2 Astonishingly More Convenient Ways to Cook

Remember those “finger cooking” ads? The ones that encouraged guys to “give cooking the finger”? Turns out you really can eat well while spending less time and effort in the kitchen — but it has nothing to do with calling for take-out. Rather, it has everything to do with simple planning. How simple? Let’s find out:

1. Freeze ’em:

Say you’re making a batch of our world-famous Fartless Chili. Instead of using one pound of ground turkey, use four pounds. Those two cans of tomato soup? Bump it up to eight. You get the idea: Quadruple every ingredient, and instead of a couple meals, you’ll have eight servings of flavourful, healthy, non-gas-inducing chili that can be frozen into meal-sized airtight containers or resealable freezer bags, and then reheated in a saucepan or microwave whenever hunger strikes.

The same goes for all kinds of ready-to-go meals such as pasta sauces and stews: Multiply the ingredients for extra freezable servings, so you’re spending less time in the kitchen and more you-time down the road.

2. Sneaky sides: 

Flipping a nice lean burger paddy, chicken breast, or salmon steak on the barbecue isn’t much of a chore. (Admit it, you’re thinking about firing up the grill right now!) What can be tiresome is chopping cherry tomatoes or grating parmesan for those pesky, albeit delicious, Caesar or Mediterranean side salads.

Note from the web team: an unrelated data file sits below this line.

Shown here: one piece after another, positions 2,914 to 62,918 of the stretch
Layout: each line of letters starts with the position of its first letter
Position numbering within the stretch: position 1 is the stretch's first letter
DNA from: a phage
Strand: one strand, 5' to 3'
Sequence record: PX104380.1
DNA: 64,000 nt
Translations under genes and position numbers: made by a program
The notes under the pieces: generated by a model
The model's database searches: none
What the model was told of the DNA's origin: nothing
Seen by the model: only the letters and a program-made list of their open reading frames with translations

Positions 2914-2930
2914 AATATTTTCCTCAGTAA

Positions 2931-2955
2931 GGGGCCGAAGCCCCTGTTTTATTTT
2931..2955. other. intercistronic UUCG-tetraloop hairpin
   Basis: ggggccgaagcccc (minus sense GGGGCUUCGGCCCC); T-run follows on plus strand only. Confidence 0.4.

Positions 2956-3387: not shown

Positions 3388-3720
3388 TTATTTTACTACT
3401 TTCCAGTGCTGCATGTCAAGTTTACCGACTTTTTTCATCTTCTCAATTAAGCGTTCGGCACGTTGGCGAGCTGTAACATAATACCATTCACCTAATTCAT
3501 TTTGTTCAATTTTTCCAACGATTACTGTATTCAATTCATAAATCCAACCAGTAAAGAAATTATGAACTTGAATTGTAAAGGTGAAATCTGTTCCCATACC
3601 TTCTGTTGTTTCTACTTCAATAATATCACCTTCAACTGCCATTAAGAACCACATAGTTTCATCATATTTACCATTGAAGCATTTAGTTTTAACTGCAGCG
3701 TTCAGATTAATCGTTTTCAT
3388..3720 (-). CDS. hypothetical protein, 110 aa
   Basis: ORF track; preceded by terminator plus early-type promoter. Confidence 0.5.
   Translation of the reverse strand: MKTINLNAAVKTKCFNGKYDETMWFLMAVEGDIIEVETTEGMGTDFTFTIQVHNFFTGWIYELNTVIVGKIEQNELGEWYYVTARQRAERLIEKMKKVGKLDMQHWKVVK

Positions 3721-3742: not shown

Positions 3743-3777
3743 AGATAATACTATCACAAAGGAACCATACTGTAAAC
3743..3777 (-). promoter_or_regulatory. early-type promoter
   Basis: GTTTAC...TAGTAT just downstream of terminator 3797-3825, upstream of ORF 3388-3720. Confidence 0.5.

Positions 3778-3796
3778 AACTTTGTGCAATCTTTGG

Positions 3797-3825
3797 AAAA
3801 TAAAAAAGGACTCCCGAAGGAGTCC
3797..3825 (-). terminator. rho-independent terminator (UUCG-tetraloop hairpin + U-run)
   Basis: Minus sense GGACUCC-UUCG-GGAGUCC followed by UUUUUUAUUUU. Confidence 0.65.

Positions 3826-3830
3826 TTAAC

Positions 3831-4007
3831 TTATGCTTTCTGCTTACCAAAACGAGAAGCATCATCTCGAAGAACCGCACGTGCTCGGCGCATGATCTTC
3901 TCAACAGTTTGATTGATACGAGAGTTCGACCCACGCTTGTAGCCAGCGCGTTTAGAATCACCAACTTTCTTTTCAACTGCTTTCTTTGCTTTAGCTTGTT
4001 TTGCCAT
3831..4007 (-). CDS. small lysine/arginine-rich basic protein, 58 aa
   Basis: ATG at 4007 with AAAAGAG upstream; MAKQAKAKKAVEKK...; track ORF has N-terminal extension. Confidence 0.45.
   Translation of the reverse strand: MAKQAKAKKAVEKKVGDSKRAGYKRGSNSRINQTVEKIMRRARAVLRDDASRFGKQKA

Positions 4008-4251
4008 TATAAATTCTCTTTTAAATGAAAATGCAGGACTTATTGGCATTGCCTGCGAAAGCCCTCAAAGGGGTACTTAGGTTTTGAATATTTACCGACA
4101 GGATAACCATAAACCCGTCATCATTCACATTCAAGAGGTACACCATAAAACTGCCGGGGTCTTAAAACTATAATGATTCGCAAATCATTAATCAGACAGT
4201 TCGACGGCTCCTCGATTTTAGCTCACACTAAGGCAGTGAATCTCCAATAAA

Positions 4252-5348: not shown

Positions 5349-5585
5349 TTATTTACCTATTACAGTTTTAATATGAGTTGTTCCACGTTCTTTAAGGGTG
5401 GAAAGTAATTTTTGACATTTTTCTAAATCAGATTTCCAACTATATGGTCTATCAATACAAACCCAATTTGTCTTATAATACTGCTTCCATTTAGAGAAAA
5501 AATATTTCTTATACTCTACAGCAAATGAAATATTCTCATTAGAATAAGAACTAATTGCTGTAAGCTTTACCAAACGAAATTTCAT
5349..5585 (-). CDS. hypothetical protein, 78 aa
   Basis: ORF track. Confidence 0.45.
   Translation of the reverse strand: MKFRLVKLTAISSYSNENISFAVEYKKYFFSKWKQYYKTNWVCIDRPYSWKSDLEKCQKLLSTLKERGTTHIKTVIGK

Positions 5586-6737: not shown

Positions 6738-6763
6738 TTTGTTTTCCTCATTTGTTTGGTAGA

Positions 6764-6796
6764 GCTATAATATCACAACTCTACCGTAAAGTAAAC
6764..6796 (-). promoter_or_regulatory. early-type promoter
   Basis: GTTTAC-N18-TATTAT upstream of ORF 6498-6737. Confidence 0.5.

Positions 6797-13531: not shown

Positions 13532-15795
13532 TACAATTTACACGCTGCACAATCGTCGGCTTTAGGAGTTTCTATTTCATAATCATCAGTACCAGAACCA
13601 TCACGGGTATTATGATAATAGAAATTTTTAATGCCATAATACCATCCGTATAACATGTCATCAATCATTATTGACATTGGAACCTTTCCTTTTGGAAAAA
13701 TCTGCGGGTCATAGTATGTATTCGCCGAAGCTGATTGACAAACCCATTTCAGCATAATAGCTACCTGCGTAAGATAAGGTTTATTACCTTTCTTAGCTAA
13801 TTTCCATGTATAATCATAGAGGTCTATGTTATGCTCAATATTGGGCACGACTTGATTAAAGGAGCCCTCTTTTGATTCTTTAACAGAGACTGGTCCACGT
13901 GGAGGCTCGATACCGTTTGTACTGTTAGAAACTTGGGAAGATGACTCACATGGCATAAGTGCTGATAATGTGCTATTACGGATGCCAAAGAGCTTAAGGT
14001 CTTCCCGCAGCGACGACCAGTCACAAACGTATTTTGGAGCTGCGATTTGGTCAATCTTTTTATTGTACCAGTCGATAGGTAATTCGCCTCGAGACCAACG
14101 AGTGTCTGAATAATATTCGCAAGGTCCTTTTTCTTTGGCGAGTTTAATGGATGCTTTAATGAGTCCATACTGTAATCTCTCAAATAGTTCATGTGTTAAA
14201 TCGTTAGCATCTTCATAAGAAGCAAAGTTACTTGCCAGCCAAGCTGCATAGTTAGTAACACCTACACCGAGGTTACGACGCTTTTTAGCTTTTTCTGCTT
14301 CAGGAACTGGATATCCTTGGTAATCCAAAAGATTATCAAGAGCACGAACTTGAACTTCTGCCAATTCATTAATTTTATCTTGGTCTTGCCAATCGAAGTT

The solution:

Put George from Seinfeld to shame by making it a big — no, a really big — salad. You can’t freeze the extras, but have some with your burger, cover the leftovers and store them in the fridge to have for the next day or two with the aforementioned chicken breast or salmon steak. There you have it: Mix and match…sneaky, right? Hint: Remember not to add the dressing until it’s time to eat.

More Big-Batch Benefits:

The pros of big-batch cooking extend beyond saving time and effort. “Club packs” or family-sized packs of meat cost less than smaller portions, and you’ll find you waste less food by measuring portion sizes based on the first serving. Last but certainly not least, storing tasty and good-for-you meals will improve your overall health and help you give the finger — you know, the middle one — to fast food.

If this sounds easy, and it really is, there’s no better time than today to start big-batching — especially since March is Dietitians of Canada’s Nutrition Month.

Do you have a big-batch recipe that really hits the spot? Please share it in the comments below.

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